I. Ohkata and Y. Suzuki: in Shape Memory Materials, K. Otsuka and C.M. Wayman, eds., Cambridge University Press, Cambridge, United Kingdom, 1998, pp. 240–66.Google Scholar
  14. 14.
    T. Duerig, A. Pelton, and D. Stöckel: Mater. Sci. Eng., A, 1999, vols. A273–A275, pp. 149–60.Google Scholar
  15. 15.
    H.J. Lee and J.J. Lee: Smart Mater. Struct., 2000, vol. 9, pp. 817–23.CrossRefADSGoogle Scholar
  16. 16.
    A.V. Srinivasan and D.M. McFarland: Smart Structures—Analysis and Design, Cambridge University Press, Cambridge, United Kingdom, 2001, pp. 26–72.Google Scholar
  17. 17.
    W. Tang, B. Sundmann, R. Sandström, and C. Quiu: Acta Mater., 1999, vol. 47, pp. 3457–68.CrossRefGoogle Scholar
  18. 18.
    D.C. Drennen, C.M. Jackson, and H.J. Wagner: “The Development of Melting and Casting Procedures for NiTinol Nickel-Base Alloys,” SC-CR-69-3070, Contract Report, Sandia Laboratories, Albuquerque, 1968.Google Scholar
  19. 19.
    J. Khalil-Allafi, A. Dlouhy, and G. Eggeler: Acta Mater., 2002, vol. 50, pp. 4255–74.CrossRefGoogle Scholar
  20. 20.
    W. Huang: Mater. Des., 2002, vol. 23, pp. 11–19.ADSGoogle Scholar
  21. 21.
    M. Mertmann and M. Wuttig: Proc. Actuator 2004, 9th Int. Conf. on New Actuators, HVG Hanseatische Veranstaltungs GmbH, Bremen, Germany, 2004, pp. 72–77.Google Scholar
  22. 22.
    B. Strnadel, S. Ohashi, H. Ohtsuka, T. Ishihara, and S. Miyazaki: Mater. Sci. Eng., A, 1995, vol. A202, pp. 148–56.Google Scholar
  23. 23.
    S. Miyazaki, K. Mizukoshi, T. Ueki, T. Sakuma, and Y. Liu: Mater. Sci. Eng., A, 1999, vols. A273–A275, pp. 658–63.Google Scholar
  24. 24.
    A. Biscarini, B. Coluzzi, G. Mazzolai, A. Tuissi, and F.M. Mazzolai: J. Alloys Compd., 2003, vol. 355 (1–2), pp. 52–57.CrossRefGoogle Scholar
  25. 25.
    H. Sehitoglu, I. Karaman, X. Zhang, A. Viswanath, Y. Chumlyakov, and H.J. Maier: Acta Mater., 2001, vol. 49 (17), pp. 3621–34.CrossRefGoogle Scholar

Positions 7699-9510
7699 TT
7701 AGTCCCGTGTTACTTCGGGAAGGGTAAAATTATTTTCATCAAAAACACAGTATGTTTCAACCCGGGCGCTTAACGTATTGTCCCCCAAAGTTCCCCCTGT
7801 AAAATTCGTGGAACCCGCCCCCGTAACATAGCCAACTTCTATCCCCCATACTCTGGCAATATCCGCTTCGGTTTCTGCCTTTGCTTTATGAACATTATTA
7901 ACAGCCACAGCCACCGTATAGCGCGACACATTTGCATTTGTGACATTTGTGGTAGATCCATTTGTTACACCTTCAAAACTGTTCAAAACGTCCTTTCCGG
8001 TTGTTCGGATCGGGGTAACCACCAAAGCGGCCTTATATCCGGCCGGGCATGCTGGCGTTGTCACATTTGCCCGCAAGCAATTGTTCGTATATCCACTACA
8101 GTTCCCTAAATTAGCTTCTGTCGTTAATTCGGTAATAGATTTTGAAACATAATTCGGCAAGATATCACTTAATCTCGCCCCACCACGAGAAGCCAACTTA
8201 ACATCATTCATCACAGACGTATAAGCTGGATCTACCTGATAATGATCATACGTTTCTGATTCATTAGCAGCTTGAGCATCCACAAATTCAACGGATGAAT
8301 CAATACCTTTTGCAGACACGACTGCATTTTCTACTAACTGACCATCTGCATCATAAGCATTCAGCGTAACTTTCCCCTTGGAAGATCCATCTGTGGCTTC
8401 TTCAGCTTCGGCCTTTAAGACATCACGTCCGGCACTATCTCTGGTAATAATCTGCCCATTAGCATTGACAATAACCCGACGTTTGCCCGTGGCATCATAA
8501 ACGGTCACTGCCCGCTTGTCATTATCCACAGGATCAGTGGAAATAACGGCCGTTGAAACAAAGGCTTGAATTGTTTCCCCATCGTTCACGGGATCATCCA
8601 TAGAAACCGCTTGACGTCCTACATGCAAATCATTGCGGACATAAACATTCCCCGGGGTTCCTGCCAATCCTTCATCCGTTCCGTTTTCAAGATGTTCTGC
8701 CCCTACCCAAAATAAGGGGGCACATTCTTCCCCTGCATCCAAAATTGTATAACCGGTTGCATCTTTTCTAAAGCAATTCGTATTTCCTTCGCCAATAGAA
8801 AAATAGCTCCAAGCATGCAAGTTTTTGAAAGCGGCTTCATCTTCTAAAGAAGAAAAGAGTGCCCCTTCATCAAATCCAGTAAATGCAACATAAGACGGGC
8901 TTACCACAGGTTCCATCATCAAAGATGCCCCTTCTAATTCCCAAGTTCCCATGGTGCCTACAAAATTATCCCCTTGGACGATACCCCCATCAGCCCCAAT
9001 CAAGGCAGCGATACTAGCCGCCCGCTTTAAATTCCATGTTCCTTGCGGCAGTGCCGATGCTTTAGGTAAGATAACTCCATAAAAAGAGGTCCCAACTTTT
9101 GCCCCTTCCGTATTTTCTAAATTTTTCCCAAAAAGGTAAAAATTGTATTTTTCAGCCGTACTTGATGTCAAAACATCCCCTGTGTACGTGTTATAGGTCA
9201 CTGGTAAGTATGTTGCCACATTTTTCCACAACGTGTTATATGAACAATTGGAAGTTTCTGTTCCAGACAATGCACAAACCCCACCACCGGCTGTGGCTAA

26. 26.
    F.J. Gil and J.A. Planell: J. Biomed. Mater. Res., 1999, vol. 48 (5), pp. 682–88.CrossRefPubMedGoogle Scholar
  27. 27.
    R.H. Bricknell, K.N. Melton, and O. Mercier: Metall. Trans. A, 1979, vol. 10A, pp. 693–97.ADSGoogle Scholar
  28. 28.
    M. Mertmann: Memory Metalle, Wein am Rhein, personal communication, September 25, 2008.Google Scholar
  29. 29.
    J. Beyer, B. Koopman, P.A. Besseling, and P.F. Willemse: Mater. Sci. Forum, 1990, vols. 56–58, pp. 773–78.CrossRefGoogle Scholar
  30. 30.
    T. Waram, R. Sowerby, and M. Mailvaganam: SMST-97, Proc. 2nd Int. Conf. on Shape Memory and Superelastic Technologies, A. Pelton, D. Hodgson, S. Russel, and T. Duerig, eds., SMST, Santa Clara, CA, 1997, pp. 201–06.Google Scholar
  31. 31.
    S. Besseghini, L. Mirri, and A. Tuissi: SMST-97, Proc. 2nd Int. Conf. on Shape Memory and Superelastic Technologies, A. Pelton, D. Hodgson, S. Russel, and T. Duerig, eds., SMST, Santa Clara, CA, 1997, pp. 195–200.Google Scholar
  32. 32.
    G. Eggeler, E. Hornbogen, A. Yawny, A. Heckmann, and M. Wagner: Mater. Sci. Eng., A, 2004, vol. A378, pp. 24–33.Google Scholar
  33. 33.
    M. Wagner, J.K. Yu, G. Kausträter, and G. Eggeler: Proc. Actuator 2004, 9th Int. Conf. on New Actuators, HVG Hanseatische Veranstaltungs GmbH, Bremen, Germany, 2004, pp. 629–32.Google Scholar
  34. 34.
    J. van Humbeeck: J. Phys. IV, 1991, vol. C4, pp. 189–87.Google Scholar
  35. 35.
    M. Sade, C. Damiani, R. Gastien, F.C. Lovey, J. Malarriy, and A. Yawny: Smart Mater. Struct., 2007, vol. 16, pp. 126–36.CrossRefADSGoogle Scholar
  36. 36.
    Z. Moumni, A. Van Herpen, and P. Riberty: Smart Mater. Struct., 2005, vol. 14, pp. 287–92.CrossRefADSGoogle Scholar
  37. 37.
    K. Gall and H.J. Maier: Acta Mater., 2002, vol. 50, pp. 4643–57.CrossRefGoogle Scholar
  38. 38.
    J. Olbricht: Mater. Sci. Eng., A, 2008, vols. A481–A482, pp. 142–45.Google Scholar
  39. 39.
    E. Hornbogen: J. Mater. Sci., 2004, vol. 39 pp. 385–99.CrossRefADSGoogle Scholar
  40. 40.
    C. Grossmann, J. Frenzel, V. Sampath, T. Depka, A. Oppenkowski, C. Somsen, K. Neuking, W. Theisen, and G. Eggeler: Mat.-wiss. Werkstofftech./Mater. Sci. Eng. Technol., 2008, vol. 39 (8), pp. 499–510.CrossRefGoogle Scholar
  41. 41.